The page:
Here’s What Individuals, Workers and Businesses Need to Know About the Coronavirus Stimulus Package
How it affects unemployment, charitable donations, payroll taxes and more. Plus: when you should expect that $1,200 check.
On Wednesday, the Senate announced its $2 trillion economic stimulus package, aimed at helping support individuals and businesses, and keep our economy afloat during the coronavirus crisis. With the bill passing out of the House today, it looks like relief is on the way. To help break down what the legislation entails, we spoke with Debra Friedman, a Philadelphia-based labor and employment attorney at Cozen O’Connor. Here’s what you need to know …
… If you’re a person who makes less than $99,000 annually.
Probably the most-publicized part of the package is the promise of a $1,200 check for every adult, or $2,400 for every married couple, plus $500 for each child in a household. That’s mostly true, though the amount of that $1,200 check will be reduced for individuals who earn more than $75,000 a year. Essentially, no single person who earns $99,000 annually or more, nor married couples with no children who earn more than $198,000, will receive this benefit (unless you filed your taxes as a “head of household,” in which case the cap is $112,500). These checks will not be subject to income tax.
“We know that the goal is to get checks in people’s hands as quickly as possible to help the economy,” Friedman said. “But we don’t know the logistics of that. And part of the issue is that this legislation is being put together and passed very quickly. Often these types of bills don’t fully address implementation issues and everyone’s questions about the scope. Some of that work is going to be done after the bills are passed.”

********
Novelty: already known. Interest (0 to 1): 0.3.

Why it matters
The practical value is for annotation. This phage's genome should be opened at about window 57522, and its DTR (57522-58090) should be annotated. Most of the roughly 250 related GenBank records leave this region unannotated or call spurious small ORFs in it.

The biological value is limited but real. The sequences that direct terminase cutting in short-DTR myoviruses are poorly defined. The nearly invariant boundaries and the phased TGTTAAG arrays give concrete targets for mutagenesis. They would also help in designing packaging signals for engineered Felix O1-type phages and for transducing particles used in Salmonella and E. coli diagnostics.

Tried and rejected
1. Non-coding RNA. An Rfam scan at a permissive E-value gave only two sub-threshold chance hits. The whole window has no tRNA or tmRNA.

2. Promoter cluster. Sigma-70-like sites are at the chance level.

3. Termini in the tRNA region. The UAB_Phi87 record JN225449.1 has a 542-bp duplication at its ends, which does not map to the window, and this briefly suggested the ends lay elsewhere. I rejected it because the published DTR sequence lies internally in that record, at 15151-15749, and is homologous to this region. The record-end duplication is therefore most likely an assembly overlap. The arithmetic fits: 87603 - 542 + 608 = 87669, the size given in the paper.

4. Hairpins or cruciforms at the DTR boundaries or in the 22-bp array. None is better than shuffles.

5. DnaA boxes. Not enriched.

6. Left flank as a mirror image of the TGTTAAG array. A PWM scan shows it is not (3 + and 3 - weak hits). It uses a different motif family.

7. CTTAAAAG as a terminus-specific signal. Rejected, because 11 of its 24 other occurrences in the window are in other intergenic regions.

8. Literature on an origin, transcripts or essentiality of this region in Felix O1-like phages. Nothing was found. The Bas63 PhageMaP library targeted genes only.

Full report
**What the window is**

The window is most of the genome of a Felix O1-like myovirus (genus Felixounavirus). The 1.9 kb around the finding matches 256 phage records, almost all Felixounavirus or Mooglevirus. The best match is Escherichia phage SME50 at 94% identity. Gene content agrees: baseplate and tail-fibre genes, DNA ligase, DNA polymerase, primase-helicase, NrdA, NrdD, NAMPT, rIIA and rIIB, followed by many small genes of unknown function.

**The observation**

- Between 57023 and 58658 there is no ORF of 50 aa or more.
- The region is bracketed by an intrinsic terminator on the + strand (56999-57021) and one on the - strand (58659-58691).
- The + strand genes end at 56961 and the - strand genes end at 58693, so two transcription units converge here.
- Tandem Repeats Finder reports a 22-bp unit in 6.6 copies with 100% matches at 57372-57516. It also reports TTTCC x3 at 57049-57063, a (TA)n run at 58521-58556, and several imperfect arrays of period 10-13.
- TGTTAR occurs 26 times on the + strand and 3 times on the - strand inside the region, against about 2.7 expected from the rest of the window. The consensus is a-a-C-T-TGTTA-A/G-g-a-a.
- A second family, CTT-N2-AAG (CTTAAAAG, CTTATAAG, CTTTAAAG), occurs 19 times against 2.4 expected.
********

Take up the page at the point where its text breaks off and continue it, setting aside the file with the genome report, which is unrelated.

Treasury Secretary Steven Mnuchin said that he wants the payments to go out within three weeks of President Trump signing the bill into law. If the IRS has your direct deposit information, you’ll receive the money that way. Otherwise, you’ll likely receive a check in the mail.
… If you’re unemployed.
You’ll be eligible for large unemployment payments over a longer period of time. Under the current law, Pennsylvania offers 26 weeks of benefits, with a maximum weekly payment of $573. The new stimulus bill adds another 13 weeks to this cap, and increases the payments by $600 a week.
… If you’re newly unemployed.
You won’t have to wait the normal 1 week waiting period before your benefits kick in.
… If you’ve been unemployed for a while and have exhausted your unemployment benefits.
You may be eligible for new or extended benefits under this bill.
… If you’re an independent contractor, are self-employed or have a limited work history.
These are categories of workers who would typically not be eligible for unemployment benefits. But under the stimulus bill, you’ll be able to apply for support if you’re unable to work due to the public health crisis.
… If you have student loan payments.
Student loans from the federal government will be paused until September 30th. Loans will not accrue interest during this time.
… If you need to take money out of your IRA.
The bill eliminates the 10 percent penalty for removing up to $100,000 dollars from a retirement account for virus-related reasons.
… If you’ve made or plan to make donations to charitable organizations.
You’ll be able to utilize a new tax deduction for 2020 without itemizing your deductions, for up to $300 in donations to qualified charities. Money given since January 1, 2020. counts toward this amount.
… If you’re worried about being evicted or being unable to pay rent.
Any landlord whose mortgage is backed or owned by federal entities will not be able to evict renters for a 120-day period.
… If you’re a business owner.
The bill would postpone payment of payroll taxes. It would also establish a number of business loans for employers, many of which will be eligible for loan forgiveness. For example, a loan under the Small Business Act that is part of the payment protection program is eligible for loan forgiveness “equal to the amount that the borrower spent during an eight-week period after the origination date of the loan.”
“The idea is that if the borrower spends that loan on payroll costs or interest payments on any mortgages, or rent or utilities, those are the types of costs that would be eligible for loan forgiveness,” Friedman said. “The incentive is to get businesses to retain their employees.”
Those so inclined can find the full text of the coronavirus stimulus package legislation here.